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Lawrence Martin

Ad wars: Where the real battles rage Add to ...

“In your heart, you know he’s right.” That was Republican Barry Goldwater’s slogan in the 1964 U.S. presidential campaign. Democrats were quick to respond. They came back with “In your gut, you know he’s nuts.”

A little wit can go a long way in politics. Election campaigns are increasingly an ad and slogan war. The party that comes up with the best zingers, stingers, bumper-sticker slogans to bring out the pom-pom shakers will have a decided edge.

In our election, strategists will be looking to the history books for inspiration. Ones that succeed are often ones that rhyme. There was “In Hoover We Trusted; Now We’re Busted” and “We Like Ike.’’ There was “All the Way with LBJ” and “Keep Cool and Keep Coolidge.”

“Roosevelt for ex-President,” didn’t work. “King or Chaos” did well as did “A Just Society.” More recently the “Just Visiting” tag the Conservatives glued on former Liberal leader Michael Ignatieff had a telling effect.

Conservatives will try to pillory Justin Trudeau on the not-ready theme in the coming campaign. They’ll go after the Liberal Leader as a green-around-the-ears Little Lord Fauntleroy who’s shallower than a bird bath. For their own promotion, they’ll play the patriot card channelling Ronald Reagan’s flag-waving or William McKinley’s “Patriotism, Protection and Prosperity.”

As for the opposition parties, look for them to hit hard on what they see as the country’s backward march in big policy areas; on criminal justice, on the environment, on economics favouring the affluent, on war over peace and on autocratic governance. A New Democrat told me he wants his party’s attack ad to be: “The Harper Conservatives – Our Bridge to the 17th Century.”

In the propaganda game, the Tories are advantaged. They have more money and a bigger bullhorn because of that fine line between what is legitimate government program promotion and what is a politically partisan ad.

Claiming the Tories have crossed that line with their endless Economic Action Plan promos, the Liberals, in a sly twist, are running their own ad to make the point. The cheeky spot has Prime Minister Stephen Harper thanking Canadians for giving him hundreds of millions in tax money for use as Conservative Party agitprop. It’s an improvement from recent Liberal campaigns in which the party’s advertising has been as anodyne as their leaders who have served as Tory punching bags.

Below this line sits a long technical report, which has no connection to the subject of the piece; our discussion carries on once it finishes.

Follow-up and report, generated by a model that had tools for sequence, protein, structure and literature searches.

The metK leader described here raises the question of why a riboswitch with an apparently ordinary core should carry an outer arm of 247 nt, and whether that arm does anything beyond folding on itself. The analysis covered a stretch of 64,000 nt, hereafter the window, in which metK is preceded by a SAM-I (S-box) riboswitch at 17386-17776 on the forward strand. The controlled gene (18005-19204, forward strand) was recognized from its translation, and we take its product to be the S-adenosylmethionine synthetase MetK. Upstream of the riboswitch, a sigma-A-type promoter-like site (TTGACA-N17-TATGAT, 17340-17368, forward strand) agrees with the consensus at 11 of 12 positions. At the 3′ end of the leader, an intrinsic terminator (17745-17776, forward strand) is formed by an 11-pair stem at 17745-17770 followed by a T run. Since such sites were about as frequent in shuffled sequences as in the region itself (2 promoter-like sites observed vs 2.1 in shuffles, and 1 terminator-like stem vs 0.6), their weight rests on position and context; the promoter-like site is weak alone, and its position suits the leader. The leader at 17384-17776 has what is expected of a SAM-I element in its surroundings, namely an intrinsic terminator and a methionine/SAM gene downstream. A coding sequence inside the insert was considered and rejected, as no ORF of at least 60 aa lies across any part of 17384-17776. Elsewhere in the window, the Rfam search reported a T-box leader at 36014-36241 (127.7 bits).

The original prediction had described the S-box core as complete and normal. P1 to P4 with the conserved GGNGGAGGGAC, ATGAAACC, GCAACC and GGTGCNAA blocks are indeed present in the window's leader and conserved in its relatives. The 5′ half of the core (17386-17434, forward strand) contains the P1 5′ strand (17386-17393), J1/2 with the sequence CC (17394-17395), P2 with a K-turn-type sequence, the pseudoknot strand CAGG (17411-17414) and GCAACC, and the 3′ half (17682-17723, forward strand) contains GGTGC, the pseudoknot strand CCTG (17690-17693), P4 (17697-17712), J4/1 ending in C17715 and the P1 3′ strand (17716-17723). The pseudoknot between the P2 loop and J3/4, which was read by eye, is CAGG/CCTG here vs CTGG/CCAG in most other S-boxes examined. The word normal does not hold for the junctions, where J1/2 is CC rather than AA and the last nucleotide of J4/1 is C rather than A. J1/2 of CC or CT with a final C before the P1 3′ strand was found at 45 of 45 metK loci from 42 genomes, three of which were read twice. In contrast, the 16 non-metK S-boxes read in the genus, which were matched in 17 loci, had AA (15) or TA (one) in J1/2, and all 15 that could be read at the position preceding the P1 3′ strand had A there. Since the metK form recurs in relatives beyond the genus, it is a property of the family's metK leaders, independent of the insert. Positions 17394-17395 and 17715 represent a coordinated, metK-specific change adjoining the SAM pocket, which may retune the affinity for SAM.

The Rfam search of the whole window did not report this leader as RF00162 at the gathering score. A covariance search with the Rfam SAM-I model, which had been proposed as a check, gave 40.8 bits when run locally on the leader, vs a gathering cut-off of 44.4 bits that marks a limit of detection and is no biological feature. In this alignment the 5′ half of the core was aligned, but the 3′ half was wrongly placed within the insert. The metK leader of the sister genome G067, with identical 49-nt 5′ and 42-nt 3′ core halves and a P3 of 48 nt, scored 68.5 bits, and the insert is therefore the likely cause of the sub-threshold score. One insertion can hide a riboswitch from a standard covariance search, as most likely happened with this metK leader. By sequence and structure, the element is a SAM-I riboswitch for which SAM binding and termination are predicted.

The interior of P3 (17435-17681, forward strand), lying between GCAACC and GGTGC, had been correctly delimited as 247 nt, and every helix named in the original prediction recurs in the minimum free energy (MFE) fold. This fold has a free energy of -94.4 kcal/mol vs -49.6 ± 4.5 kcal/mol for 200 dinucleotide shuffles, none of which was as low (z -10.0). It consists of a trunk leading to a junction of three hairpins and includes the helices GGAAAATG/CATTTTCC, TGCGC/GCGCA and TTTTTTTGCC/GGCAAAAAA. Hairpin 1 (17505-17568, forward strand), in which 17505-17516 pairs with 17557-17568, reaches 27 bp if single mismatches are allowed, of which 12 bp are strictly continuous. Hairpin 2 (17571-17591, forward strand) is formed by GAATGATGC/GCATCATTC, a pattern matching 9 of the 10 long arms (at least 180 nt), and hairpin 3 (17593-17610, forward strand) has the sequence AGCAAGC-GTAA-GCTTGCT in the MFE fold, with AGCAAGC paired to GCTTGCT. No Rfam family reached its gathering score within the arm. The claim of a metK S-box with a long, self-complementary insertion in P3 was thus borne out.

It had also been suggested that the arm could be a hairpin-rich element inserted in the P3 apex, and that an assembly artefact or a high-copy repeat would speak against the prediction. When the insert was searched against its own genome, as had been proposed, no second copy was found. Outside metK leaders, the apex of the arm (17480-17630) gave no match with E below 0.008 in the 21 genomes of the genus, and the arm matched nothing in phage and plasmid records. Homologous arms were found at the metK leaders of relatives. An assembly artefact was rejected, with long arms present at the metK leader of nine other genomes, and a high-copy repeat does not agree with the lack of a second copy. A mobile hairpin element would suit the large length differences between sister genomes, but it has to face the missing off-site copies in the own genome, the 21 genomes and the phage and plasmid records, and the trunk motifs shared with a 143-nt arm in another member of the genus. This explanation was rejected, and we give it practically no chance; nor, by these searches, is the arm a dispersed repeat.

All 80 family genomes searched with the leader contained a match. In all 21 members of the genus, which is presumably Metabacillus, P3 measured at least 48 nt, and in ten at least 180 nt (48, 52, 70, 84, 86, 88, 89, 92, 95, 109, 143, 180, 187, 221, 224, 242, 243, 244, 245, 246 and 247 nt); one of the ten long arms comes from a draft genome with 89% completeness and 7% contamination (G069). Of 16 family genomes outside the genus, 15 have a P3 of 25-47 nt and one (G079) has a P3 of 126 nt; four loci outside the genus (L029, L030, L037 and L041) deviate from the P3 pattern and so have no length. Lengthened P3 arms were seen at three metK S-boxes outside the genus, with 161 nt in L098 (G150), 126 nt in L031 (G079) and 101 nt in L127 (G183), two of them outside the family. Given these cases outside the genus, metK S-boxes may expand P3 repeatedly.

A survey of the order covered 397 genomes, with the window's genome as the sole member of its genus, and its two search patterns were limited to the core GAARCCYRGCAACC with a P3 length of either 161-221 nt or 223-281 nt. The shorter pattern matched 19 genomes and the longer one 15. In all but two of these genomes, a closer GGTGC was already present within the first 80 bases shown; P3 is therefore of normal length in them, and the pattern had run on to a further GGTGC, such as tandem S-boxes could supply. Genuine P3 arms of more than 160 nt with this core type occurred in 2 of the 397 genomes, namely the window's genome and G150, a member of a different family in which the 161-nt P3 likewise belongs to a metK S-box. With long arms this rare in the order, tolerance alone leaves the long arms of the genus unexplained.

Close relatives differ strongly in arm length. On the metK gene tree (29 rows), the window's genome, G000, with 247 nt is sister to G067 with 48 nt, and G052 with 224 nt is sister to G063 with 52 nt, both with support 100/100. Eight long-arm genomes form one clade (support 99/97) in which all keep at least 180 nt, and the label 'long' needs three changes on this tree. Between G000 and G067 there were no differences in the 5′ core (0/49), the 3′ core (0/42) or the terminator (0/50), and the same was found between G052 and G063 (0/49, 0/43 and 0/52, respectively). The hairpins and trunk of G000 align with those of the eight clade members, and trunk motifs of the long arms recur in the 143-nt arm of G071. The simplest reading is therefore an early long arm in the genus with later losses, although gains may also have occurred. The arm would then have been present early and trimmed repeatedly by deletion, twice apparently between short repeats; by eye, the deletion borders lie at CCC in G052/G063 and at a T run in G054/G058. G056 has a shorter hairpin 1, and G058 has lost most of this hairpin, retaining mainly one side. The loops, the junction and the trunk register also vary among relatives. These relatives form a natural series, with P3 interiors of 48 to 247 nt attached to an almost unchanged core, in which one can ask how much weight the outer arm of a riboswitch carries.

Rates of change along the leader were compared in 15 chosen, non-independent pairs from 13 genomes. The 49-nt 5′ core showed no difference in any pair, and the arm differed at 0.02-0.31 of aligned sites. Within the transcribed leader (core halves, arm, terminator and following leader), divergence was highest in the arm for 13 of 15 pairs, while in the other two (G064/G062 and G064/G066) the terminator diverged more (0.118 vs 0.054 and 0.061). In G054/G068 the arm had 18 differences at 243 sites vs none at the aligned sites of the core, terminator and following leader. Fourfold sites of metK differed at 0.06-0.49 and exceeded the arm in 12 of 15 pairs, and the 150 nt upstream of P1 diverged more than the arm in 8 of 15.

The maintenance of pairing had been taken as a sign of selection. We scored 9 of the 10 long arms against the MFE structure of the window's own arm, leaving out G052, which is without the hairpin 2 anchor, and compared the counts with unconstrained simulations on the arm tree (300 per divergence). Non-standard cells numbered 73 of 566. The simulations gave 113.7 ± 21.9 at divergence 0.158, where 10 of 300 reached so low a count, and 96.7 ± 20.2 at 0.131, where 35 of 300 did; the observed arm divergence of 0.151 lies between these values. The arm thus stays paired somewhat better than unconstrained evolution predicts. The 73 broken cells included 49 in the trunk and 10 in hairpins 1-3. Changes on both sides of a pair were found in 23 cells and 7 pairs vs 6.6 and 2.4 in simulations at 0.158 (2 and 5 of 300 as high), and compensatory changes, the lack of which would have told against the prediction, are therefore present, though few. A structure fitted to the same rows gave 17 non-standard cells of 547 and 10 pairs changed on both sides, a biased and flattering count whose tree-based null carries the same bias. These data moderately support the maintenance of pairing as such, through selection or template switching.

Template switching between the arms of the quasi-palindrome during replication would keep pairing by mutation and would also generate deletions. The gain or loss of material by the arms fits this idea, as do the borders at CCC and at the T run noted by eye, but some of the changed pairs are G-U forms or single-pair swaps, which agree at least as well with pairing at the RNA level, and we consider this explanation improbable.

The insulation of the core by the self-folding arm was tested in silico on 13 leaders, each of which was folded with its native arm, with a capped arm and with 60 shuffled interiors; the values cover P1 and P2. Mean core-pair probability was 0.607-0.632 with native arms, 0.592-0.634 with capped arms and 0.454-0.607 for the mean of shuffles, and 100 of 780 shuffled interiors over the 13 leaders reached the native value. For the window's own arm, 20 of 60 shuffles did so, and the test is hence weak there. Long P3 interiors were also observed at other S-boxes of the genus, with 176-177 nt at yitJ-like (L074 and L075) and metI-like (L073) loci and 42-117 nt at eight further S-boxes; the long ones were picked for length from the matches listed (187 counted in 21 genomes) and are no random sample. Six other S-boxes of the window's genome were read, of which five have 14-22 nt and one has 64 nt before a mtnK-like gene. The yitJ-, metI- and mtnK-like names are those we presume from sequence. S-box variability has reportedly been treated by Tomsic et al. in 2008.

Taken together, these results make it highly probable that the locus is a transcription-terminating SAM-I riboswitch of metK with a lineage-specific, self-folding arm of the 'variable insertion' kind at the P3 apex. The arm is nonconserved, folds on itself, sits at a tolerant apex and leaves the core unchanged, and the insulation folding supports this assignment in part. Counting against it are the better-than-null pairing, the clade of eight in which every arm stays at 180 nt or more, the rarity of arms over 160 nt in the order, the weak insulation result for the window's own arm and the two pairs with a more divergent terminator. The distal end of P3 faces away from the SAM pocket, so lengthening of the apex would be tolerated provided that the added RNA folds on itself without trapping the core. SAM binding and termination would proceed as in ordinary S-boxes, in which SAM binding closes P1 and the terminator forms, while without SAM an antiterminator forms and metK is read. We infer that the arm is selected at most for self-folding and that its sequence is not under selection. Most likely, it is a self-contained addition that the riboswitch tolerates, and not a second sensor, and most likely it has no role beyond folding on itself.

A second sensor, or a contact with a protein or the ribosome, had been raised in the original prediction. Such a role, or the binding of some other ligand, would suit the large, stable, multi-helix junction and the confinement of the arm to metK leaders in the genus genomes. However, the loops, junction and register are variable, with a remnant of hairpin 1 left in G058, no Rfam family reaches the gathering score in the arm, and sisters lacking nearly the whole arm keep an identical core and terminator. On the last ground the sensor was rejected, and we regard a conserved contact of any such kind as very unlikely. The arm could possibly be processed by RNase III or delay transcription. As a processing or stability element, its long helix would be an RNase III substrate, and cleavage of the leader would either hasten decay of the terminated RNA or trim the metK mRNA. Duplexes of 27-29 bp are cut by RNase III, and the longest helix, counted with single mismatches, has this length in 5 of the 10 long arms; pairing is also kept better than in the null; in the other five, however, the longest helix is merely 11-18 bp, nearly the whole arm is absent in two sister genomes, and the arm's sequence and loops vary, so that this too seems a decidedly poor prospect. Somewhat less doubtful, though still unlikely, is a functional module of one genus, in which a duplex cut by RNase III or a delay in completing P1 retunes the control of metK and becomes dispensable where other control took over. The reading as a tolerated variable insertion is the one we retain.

Lester Pearson once said that “politics is the skilled use of blunt objects.” Stephen Harper and Thomas Mulcair get it. The Liberals are learning.

On the vision front, the Harper team feels it has a winner with the “Strong, Proud, Free” slogan that is currently prominent on your television screen. It brings to mind Ronald Reagan’s “It’s Morning Again in America” commercial in his 1984 election campaign. Mr. Reagan’s three words were “Prouder, Stronger, Better.”

Journalists have applied through freedom of information channels to find out how the Tories came up with their catchphrase but the Harper team is keeping it secret, citing cabinet confidentiality. That’s taking secrecy to absurd levels, says the NDP’s Mathieu Ravignat. They fear, he charges, they’ll be seen as using a politically partisan tagline in government-paid advertising.

The Reagan commercial, for my money, was one of the most effective ever and the Tories are wise to channel it even if, in the Canadian context, opponents try to change “morning” to “dusk.”

On the progressive side, one of the great ad spots, though he was fighting a hopeless cause, was George McGovern’s harpooning of Richard Nixon. “This is about the government,” began the solemn-voiced narrator. “This is about credibility…This is about hidden funds…This is about falsification…this is about bugging.” And on it went covering all the dirty deeds before concluding: “This is about the White House. And this is how you stop it – With your vote!”

There have been a lot of good ones. In election campaigns the real wars are the ad wars. Till now at least, the Conservatives have got the message.

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